But feelings are no more spiritual than muscles. They are entirely physical. They are real, and they are important. But they are real and important in the same way that our fingernails and noses are important - we would not want to live without them (although we could if we had to), but their length and shape and color tell us nothing about our life with God. To suppose that our emotions in any way give us reliable evidence of the nature or quality of our life with God is to misinterpret them.'
Eugene H Peterson, Answering God, p.87. 


'The assumption that prayer is what we do when we are alone - the solitary soul before God - is an egregious, and distressingly persistent, error. We imagine a lonely shepherd on the hills composing lyrics to the glory of God. We imagine a beleaguered soul sinking in a swamp of trouble calling for help. But our imaginations betray us. We are part of something before we are anything, and never more so than when we pray. Prayer begins in community.'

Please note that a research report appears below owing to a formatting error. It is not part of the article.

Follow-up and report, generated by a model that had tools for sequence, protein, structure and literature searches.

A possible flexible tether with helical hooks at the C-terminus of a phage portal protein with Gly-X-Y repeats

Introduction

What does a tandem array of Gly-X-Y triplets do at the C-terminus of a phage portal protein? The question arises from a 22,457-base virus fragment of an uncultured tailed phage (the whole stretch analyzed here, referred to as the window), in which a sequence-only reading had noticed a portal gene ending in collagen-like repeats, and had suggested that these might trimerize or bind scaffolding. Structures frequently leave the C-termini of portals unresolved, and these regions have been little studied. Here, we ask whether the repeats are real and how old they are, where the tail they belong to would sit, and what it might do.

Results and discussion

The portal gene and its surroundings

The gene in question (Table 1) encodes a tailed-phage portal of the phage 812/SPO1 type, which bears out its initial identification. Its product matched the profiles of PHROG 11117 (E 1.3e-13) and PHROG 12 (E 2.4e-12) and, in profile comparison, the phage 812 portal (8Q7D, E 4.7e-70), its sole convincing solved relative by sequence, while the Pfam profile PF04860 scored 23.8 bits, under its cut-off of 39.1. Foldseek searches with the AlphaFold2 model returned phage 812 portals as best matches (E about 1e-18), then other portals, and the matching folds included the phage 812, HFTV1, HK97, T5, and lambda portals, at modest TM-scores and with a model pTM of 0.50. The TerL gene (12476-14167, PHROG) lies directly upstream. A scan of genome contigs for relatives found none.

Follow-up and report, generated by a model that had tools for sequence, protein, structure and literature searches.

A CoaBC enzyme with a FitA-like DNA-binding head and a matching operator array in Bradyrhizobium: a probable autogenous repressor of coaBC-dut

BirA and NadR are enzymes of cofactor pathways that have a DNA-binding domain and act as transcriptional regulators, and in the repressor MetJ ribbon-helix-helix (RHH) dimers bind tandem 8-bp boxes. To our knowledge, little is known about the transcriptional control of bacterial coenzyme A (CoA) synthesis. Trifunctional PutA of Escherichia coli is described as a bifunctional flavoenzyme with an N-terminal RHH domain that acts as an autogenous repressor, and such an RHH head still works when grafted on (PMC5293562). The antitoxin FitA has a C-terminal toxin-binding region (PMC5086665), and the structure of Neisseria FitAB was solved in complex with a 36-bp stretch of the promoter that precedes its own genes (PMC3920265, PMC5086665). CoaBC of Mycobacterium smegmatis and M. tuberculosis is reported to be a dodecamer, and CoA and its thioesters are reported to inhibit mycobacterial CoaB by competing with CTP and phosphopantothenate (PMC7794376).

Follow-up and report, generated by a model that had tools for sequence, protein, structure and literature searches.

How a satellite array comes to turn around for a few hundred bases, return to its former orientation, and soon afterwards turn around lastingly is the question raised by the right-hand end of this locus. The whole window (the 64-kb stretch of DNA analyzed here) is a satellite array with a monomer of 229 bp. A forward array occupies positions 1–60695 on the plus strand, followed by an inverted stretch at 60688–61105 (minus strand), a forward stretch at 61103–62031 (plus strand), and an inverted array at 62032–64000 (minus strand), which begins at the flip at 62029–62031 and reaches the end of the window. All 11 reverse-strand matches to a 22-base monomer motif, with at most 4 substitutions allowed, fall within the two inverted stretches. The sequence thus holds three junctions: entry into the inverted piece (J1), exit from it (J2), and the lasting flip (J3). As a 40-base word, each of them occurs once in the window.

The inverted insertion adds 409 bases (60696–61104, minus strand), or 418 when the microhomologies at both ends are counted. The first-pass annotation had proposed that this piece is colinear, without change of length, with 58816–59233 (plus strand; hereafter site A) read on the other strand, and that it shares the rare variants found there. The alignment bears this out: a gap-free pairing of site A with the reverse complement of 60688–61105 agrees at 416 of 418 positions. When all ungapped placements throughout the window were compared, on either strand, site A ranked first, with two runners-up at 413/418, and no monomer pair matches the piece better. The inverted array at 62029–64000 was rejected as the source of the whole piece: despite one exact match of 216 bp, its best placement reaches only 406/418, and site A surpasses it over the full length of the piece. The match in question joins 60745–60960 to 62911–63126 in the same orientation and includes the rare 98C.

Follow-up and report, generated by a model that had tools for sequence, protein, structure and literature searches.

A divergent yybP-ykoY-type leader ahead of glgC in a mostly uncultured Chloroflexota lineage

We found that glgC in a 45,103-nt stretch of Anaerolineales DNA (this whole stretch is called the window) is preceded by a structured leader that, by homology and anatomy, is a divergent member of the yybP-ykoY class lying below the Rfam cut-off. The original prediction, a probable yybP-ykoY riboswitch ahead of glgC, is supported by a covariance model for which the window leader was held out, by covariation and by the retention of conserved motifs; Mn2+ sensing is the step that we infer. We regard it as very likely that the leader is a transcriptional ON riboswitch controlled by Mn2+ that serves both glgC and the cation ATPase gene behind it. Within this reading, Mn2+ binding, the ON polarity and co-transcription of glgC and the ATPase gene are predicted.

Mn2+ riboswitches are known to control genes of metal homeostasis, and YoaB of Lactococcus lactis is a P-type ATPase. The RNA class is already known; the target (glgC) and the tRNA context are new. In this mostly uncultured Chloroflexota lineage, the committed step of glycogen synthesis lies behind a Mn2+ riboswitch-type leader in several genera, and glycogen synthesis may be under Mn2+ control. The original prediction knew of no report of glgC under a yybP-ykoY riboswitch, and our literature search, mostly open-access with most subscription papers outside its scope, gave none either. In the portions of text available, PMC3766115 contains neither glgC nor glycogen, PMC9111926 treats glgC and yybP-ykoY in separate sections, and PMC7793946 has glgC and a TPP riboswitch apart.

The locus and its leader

Eugene H Peterson, Answering God, p.84. 

Wednesday, 28 August 2013


'The Psalms that teach us to pray by metaphor, using the experience of the sense to develop within us the experience of faith, come to fulfillment in Christ who was actual flesh and blood ("which we have seen with our eyes, which we have looked upon and touched with our hands," 1 John 1:1) thereby vindicating the goodness of the entire material creation.' 
Eugene H Peterson, Answering God, p.78. 

Tuesday, 27 August 2013


'The language of prayer occurs primarily at one level, the personal, and for one purpose, salvation. The human condition teeters on the edge of disaster. Human beings are in trouble most of the time. Those who don't know they are in trouble are in the most trouble. Prayer is the language of the people who are in trouble and know it, and who believe or hope that God can get them out.'  
Eugene H Peterson, Answering God, p.36. 


'Israel was surrounded by world powers that boasted impressive temples, ruthless armies, Brobdingnagian statues, and extensive libraries. But when God wanted to show them how his rule was greater than anything that they saw around them, he directed that men be taken from local families and anointed. He trained them to look at the ordinary and the personal as the places where he initiated his rule and established his sovereignty. The people were turned away from trembling in awe or fear before the world's so-called mighty, they were patiently taught to see God working in and through messiah, an anointed one.'